Alternative press regulator Impress is putting together a “publishers taskforce” to build on nine recommendations made by the Cairncross Review to help sustain the UK news industry in the digital age.
The charter-backed body has said it will pull together a team of independent publishers to work on how the proposals from Dame Francis Cairncross, put forward in February, should be implemented.
Among the review’s proposals was the creation of a new Institute for Public Interest News, an innovation fund, tax reliefs and the expansion of the Local Democracy Reporters scheme currently funded by the BBC.
The Impress taskforce has received a £21,000 grant from the Joseph Rowntree Reform Trust, which campaigns for political reform, to fund research and the project’s development over the next six months.
Impress said the trust would not have an active role in the taskforce, which it has invited its members and outside publishers to join, although it is not clear yet who will be involved.
The regulator has more than 120 member publications, most of which are hyperlocal titles. The vast majority of UK news media publishers are regulated by the Independent Press Standards Organisation.
Impress chief executive Jonathan Heawood said: “Independent publishers all over the UK are busy holding the powerful to account and producing informative and entertaining journalism.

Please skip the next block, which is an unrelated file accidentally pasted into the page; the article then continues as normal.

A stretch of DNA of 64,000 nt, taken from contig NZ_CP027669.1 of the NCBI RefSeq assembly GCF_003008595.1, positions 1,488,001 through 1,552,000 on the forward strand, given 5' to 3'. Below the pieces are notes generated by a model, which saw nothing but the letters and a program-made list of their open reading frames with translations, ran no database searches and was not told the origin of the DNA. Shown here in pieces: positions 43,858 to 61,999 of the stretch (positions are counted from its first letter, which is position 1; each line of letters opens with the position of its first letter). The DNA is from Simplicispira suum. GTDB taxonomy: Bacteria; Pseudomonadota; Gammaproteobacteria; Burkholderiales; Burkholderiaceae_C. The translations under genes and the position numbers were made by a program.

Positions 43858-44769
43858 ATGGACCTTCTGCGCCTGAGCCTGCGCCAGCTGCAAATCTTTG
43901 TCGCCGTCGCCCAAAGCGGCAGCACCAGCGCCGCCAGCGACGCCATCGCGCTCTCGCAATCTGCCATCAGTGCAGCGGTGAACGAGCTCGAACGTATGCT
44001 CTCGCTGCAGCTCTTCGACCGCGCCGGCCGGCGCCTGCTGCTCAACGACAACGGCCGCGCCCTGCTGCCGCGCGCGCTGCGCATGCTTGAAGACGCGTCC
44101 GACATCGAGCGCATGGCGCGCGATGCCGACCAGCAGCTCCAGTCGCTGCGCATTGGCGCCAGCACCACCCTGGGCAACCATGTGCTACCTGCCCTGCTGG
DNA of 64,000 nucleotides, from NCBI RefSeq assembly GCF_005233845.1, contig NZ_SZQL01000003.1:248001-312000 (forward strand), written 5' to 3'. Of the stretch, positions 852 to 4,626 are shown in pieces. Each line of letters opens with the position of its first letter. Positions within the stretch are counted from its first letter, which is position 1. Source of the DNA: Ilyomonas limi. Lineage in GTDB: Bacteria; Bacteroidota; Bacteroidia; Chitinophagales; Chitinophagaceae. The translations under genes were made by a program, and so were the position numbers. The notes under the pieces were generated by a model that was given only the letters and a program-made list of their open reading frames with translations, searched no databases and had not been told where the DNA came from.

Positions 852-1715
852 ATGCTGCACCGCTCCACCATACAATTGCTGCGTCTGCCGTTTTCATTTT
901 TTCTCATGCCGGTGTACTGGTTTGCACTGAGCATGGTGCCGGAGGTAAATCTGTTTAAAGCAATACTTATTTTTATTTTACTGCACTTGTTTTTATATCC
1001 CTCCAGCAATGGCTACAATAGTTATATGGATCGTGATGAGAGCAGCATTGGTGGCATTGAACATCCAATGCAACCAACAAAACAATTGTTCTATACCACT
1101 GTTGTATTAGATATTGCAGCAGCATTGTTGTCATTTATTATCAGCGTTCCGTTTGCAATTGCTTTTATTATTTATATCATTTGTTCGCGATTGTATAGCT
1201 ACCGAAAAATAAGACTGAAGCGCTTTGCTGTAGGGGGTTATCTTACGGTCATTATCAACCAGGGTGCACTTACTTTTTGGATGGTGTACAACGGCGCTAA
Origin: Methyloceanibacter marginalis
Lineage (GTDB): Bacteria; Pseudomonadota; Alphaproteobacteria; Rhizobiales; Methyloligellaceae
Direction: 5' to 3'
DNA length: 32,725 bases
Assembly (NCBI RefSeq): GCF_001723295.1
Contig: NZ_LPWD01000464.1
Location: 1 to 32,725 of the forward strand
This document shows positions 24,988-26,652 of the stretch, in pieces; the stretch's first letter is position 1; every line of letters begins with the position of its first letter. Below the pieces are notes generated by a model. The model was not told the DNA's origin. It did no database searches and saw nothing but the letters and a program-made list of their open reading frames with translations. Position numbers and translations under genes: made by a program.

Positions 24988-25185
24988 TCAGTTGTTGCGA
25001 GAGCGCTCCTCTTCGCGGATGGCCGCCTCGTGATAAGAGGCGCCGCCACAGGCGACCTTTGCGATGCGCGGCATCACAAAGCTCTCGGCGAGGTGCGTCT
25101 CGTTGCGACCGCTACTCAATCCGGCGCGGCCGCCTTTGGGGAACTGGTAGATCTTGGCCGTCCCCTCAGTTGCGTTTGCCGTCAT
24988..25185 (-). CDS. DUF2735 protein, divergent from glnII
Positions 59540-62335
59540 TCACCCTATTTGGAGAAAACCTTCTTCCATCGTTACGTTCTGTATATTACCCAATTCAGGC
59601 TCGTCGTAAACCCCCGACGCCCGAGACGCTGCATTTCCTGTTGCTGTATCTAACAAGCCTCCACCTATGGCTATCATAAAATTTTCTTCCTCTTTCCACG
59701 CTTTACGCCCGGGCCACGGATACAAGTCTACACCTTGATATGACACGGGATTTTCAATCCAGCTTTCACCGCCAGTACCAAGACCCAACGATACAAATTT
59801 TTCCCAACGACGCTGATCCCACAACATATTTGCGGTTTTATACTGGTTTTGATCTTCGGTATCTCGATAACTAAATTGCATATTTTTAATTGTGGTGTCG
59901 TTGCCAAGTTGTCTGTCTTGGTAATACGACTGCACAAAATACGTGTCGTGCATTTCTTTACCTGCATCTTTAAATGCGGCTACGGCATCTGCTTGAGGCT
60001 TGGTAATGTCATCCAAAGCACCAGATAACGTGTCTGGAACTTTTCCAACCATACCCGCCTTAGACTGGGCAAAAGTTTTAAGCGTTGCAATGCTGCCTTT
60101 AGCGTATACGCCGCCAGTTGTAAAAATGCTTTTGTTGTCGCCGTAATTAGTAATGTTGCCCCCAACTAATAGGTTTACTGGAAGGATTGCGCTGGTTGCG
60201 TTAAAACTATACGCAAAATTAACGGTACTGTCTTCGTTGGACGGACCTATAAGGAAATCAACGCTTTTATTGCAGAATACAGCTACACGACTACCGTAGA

“We want to draw on their creativity to ensure that the Cairncross recommendations turn into concrete actions. If we can get this right, we may see a new era of high-quality and diverse journalism in the public interest.”
Impress said its proposed taskforce would look to answer the following questions:
- How can the Cairncross recommendations be implemented while protecting the freedom of the press?
- How can subsidies be directed towards publications that are committed to high standards of journalism?
- What kinds of support do small and start-up news publications need in order to thrive in the digital era?
Dame Cairncross concluded in her report that her recommendations were “designed to encourage new, sustainable journalism models to emerge” but warned that there would likely be “a further decline in the size of the UK’s news publishing sector – in journalists and in titles”.
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